It’s proven: children who are exposed to books, language, nursery rhymes, and conversation as infants and toddlers, are better prepared for school. The only question is how to ensure that exposure takes place. Prince William Public Library in Virginia, is doing a lion’s share of the work toward getting kids up to scratch with their pre-literacy skills through its 1000 Books Before Kindergarten program.
Making sure children who might otherwise lag behind their peers have access to books and reading is important work. Kars4Kids was happy to award a small grant to this much-needed initiative for children. We spoke to Programming and Outreach Coordinator for the Prince William Public Library System, Tracy McPeck, to learn more about 1000 Books Before Kindergarten:
Kars4Kids: When did you institute your 1000 Books Before Kindergarten program? Do you have measurable results in academic achievements?
Tracy McPeck: We launched 1,000 Books before Kindergarten in April 2015. In just under three years, we have had 4,180 children register for the program, reading 754,300 books. 349 children have completed the program so far.
Kars4Kids: Tell us about the community you serve in Prince William. Why is there a need for the 1000 Books Before Kindergarten program in Prince William County?
Tracy McPeck: The greater Prince William community, which also comprises the cities of Manassas and Manassas Park, is over a half-million people strong and is socioeconomically very diverse. We saw a need for 1,000 Books before Kindergarten because we wanted to educate all parents/caregivers on the importance of early literacy practices linking to later success in school, and this program provides that opportunity for everyone.
Kars4Kids: It’s great that kids can count the same book more than once in their total, as long as it’s been read to them. Has it been proven that it really doesn’t matter if it’s the same book or a new book, that being read to is all that counts?
Tracy McPeck: Studies show that reading the same book many times to a preschooler helps them to learn new words, which means children benefit from a repeated story as much as they benefit from hearing a new book. In addition, children whose caregivers read to them often, and are frequently exposed to other literacy experiences such as singing, rhyming, and even talking, have an edge when it comes to being ready to learn to read when they enter school. Engaging in early literacy activities at home helps prevent reading difficulties later in school and promotes positive attitudes towards reading.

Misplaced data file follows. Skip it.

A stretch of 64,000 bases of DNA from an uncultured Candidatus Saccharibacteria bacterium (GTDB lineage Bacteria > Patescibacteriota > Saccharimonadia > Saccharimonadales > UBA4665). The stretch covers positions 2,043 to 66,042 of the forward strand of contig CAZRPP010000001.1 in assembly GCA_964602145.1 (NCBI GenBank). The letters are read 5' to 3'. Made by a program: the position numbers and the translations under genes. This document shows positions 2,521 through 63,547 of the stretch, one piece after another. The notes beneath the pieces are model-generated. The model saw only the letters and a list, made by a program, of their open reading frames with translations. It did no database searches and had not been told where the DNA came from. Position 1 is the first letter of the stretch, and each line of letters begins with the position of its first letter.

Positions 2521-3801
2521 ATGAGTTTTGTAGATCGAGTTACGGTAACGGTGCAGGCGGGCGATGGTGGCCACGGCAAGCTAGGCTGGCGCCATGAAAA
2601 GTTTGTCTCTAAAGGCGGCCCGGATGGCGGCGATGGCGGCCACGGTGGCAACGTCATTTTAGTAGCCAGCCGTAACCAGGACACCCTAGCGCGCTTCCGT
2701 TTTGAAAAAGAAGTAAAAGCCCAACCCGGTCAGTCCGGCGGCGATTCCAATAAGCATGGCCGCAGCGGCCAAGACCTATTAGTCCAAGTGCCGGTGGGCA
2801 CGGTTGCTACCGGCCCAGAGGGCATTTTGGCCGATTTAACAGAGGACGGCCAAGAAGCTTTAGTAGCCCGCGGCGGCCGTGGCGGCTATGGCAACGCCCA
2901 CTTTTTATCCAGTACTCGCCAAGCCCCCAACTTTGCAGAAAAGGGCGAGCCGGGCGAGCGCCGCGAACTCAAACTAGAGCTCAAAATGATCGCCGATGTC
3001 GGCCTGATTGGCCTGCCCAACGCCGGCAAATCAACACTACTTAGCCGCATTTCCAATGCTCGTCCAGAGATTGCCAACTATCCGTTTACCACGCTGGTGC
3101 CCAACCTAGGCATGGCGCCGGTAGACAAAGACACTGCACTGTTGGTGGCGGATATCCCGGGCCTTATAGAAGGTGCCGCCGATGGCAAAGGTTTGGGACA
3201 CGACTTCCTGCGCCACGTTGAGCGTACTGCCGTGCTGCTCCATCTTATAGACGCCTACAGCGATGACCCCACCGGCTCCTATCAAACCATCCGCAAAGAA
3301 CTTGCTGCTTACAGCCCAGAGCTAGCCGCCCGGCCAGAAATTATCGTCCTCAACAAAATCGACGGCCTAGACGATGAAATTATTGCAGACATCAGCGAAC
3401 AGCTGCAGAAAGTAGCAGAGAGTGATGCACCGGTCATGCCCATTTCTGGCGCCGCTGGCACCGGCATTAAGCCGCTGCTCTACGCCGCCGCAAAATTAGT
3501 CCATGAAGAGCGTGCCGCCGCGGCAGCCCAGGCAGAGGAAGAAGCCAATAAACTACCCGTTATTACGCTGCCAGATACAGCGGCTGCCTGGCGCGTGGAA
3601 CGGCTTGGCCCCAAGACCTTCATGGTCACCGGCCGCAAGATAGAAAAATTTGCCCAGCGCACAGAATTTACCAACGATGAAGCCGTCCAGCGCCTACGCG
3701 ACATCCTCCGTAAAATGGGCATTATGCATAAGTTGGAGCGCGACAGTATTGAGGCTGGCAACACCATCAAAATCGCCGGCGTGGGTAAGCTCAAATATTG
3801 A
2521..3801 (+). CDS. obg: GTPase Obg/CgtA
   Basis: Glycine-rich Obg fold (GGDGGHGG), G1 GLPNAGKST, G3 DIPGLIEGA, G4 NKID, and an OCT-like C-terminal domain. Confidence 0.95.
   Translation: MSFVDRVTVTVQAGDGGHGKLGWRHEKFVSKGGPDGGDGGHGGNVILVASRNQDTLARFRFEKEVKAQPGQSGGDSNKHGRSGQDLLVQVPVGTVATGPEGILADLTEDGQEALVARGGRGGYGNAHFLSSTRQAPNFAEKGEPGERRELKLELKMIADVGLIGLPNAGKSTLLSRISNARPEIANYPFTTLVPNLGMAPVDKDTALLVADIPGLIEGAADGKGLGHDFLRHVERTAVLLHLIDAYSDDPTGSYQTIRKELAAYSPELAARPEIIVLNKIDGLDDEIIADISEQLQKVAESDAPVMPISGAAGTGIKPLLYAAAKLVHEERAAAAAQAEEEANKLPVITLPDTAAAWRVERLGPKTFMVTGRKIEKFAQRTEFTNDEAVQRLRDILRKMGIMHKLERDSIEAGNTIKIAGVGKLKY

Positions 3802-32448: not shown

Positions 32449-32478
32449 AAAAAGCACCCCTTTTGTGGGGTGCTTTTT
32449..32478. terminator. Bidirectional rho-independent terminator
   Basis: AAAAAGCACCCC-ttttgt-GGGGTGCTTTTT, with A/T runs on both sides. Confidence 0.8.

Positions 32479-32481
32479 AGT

Kars4Kids: What kinds of rewards do you offer the participants in this program?
Tracy McPeck: When children reach 300 books, they receive a special 1,000 Books before Kindergarten bookmark with a spot for a photo. At 600 books, they receive a literary rubber ducky. And when they “graduate,” children get to choose a brand-new hardcover book for their very own, as well as a certificate of completion. We also hold annual 1,000 Books before Kindergarten celebrations, and each library branch has a wall of recognition on which children can track their progress.
Kars4Kids: How many parents are participating in this program?
Tracy McPeck: Since the children are infants through preschoolers, parents/caregivers are responsible for registering their children. Except for perhaps a few day care centers, the majority of the 4,180 registrants should be parents/caregivers who have registered their children and are reading to them to complete the program.
Kars4Kids: Whose idea was it to institute this program? What inspired its founding?
Tracy McPeck: Our Youth Services Supervisors wanted to institute 1,000 Books before Kindergarten because they saw the need for a collective effort to encourage early literacy practices in our community. Other public libraries have successfully implemented 1,000 Books programs, which provided the inspiration.
Kars4Kids: How have you managed to spread the word about your 1000 Books program?
Tracy McPeck: We advertise 1,000 Books before Kindergarten in our quarterly print publication as well as print flyers that we distribute at library programs, to preschools and day cares, and at communitywide events. We work with local early literacy nonprofit Smart Beginnings Greater Prince William to promote 1,000 Books through their Books 4 Babies program for new parents.
Kars4Kids: Why 1000?
Tracy McPeck: Have you heard of the 30 million-word gap? A landmark study found that some kids heard 30 million fewer words by their fourth birthdays than others. The kids who heard more words were better prepared when they entered school, and by the time they got to third grade, had bigger vocabularies, were stronger readers, and got higher test scores. What does this mean? The kids who started out ahead, stayed ahead. The kids who started out behind, stayed behind.
The good news is just 15 minutes of reading to a child per day is enough to make a difference. If parents/caregivers read 15 minutes a day, every day for five years, they’ll have read for 27, 525 minutes, or 456.25 hours!
Kars4Kids: Can a child complete the program more than once?
Tracy McPeck: While we certainly encourage parents to keep reading with their children after they finish 1,000 Books before Kindergarten, they are only able to register and complete the program once.
Kars4Kids: Would you like to see other public libraries follow your example and institute similar programs? Have you reached out to other libraries in this regard?
Tracy McPeck: Absolutely! Quite a few libraries in the United States have implemented their own 1,000 Books before Kindergarten programs. We have provided some guidance to other library systems that have asked for information, and are always happy to share our knowledge and best practices.